Identity Theft Training

You may recall that a Tallahassee car salesman was arrested earlier this week for using customer information to apply for credit cards and trying to buy a brand new car. Tony Brewer, who worked at the Lincoln Mercury dealer on West Tennessee Street, was arrested, but his accomplice Christopher Shorter is still on the run. Friday, it's not arrests making our news. It's a pre-emptive strike.

The sales meeting was like no other at the Saturn dealership. Men and women who usually tout the newest features or the newest models were learning how to spot the newest brand of bad guy, the identity thief.

"We talk about it a lot. Most of the time it's us talking to ourselves. We get a lot of information about it so we share it with our employees as best we can."

The showroom is bustling as salesmen talk with potential buyers and service calls go out over the loudspeaker. Tallahassee police are cautioning salesmen never to leave a customer alone with their desktop computer to make sure paperwork is not open to prying eyes and to shred any documents bound for the dumpster, but police are also teaching these salesmen how to avoid being scammed by an identity thief, checking references accounts and discrepancies with more vigor.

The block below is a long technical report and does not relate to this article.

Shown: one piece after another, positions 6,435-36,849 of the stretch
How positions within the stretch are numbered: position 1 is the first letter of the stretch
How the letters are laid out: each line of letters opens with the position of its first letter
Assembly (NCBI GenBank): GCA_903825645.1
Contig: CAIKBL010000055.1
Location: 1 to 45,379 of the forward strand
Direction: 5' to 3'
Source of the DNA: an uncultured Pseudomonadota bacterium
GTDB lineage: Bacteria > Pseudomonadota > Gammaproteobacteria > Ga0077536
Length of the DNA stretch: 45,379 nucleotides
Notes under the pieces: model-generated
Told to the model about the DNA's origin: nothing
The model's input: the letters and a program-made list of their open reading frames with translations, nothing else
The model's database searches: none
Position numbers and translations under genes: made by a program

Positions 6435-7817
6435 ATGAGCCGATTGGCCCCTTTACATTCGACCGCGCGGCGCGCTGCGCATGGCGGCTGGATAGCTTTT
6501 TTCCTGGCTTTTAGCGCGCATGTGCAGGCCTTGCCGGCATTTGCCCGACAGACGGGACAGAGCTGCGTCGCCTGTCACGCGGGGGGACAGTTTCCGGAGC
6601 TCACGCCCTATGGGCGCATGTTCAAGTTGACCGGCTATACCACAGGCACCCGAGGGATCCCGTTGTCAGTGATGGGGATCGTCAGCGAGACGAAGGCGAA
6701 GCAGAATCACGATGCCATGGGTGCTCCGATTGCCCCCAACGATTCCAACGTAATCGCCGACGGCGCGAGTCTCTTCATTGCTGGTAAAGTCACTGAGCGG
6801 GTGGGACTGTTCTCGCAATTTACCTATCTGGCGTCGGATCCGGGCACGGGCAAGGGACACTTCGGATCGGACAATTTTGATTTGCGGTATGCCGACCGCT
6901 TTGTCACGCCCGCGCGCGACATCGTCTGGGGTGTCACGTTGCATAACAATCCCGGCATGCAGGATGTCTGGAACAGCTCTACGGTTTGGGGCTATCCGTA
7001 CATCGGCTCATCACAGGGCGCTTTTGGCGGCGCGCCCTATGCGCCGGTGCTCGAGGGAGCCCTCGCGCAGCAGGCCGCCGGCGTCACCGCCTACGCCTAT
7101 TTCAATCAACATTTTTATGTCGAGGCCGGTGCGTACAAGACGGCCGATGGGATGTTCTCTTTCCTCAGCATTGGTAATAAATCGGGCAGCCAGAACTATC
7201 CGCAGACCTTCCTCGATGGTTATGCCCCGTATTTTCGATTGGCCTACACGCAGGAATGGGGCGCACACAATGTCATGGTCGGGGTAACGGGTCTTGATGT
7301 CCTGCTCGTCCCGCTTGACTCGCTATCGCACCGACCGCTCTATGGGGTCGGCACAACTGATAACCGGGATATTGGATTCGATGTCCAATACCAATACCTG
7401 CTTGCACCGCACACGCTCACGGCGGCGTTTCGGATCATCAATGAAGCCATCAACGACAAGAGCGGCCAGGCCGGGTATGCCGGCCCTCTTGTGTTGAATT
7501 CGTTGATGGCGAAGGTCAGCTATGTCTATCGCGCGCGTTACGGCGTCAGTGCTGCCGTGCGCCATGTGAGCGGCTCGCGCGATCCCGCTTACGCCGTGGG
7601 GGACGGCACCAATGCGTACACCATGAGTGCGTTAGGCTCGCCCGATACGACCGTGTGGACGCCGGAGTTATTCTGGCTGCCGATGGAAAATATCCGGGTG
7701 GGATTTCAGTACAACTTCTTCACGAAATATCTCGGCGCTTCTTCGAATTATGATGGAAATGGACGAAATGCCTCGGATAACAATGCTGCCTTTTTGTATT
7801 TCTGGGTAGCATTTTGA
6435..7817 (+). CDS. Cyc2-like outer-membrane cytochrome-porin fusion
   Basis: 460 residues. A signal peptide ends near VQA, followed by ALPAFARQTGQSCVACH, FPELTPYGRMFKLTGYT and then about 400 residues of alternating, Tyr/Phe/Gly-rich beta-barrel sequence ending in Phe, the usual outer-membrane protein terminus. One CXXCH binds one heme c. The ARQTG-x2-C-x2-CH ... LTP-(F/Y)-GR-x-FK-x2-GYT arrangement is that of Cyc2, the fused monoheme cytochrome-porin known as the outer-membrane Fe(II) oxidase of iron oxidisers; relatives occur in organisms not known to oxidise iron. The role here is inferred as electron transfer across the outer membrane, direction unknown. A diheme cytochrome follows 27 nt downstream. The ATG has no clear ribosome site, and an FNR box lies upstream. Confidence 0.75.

"Information that's on carbon copies of things that most people have originals of, if they don't have any information about the place where they say they worked, things like that may make it seem suspicious. They ought to trust their instincts a little and check into it a little bit more."

The Saturn and Mitsubishi dealers are the first businesses in Tallahassee to ask police to come and brief their crew on how to protect themselves and their customers from ID theft, a sign of the times.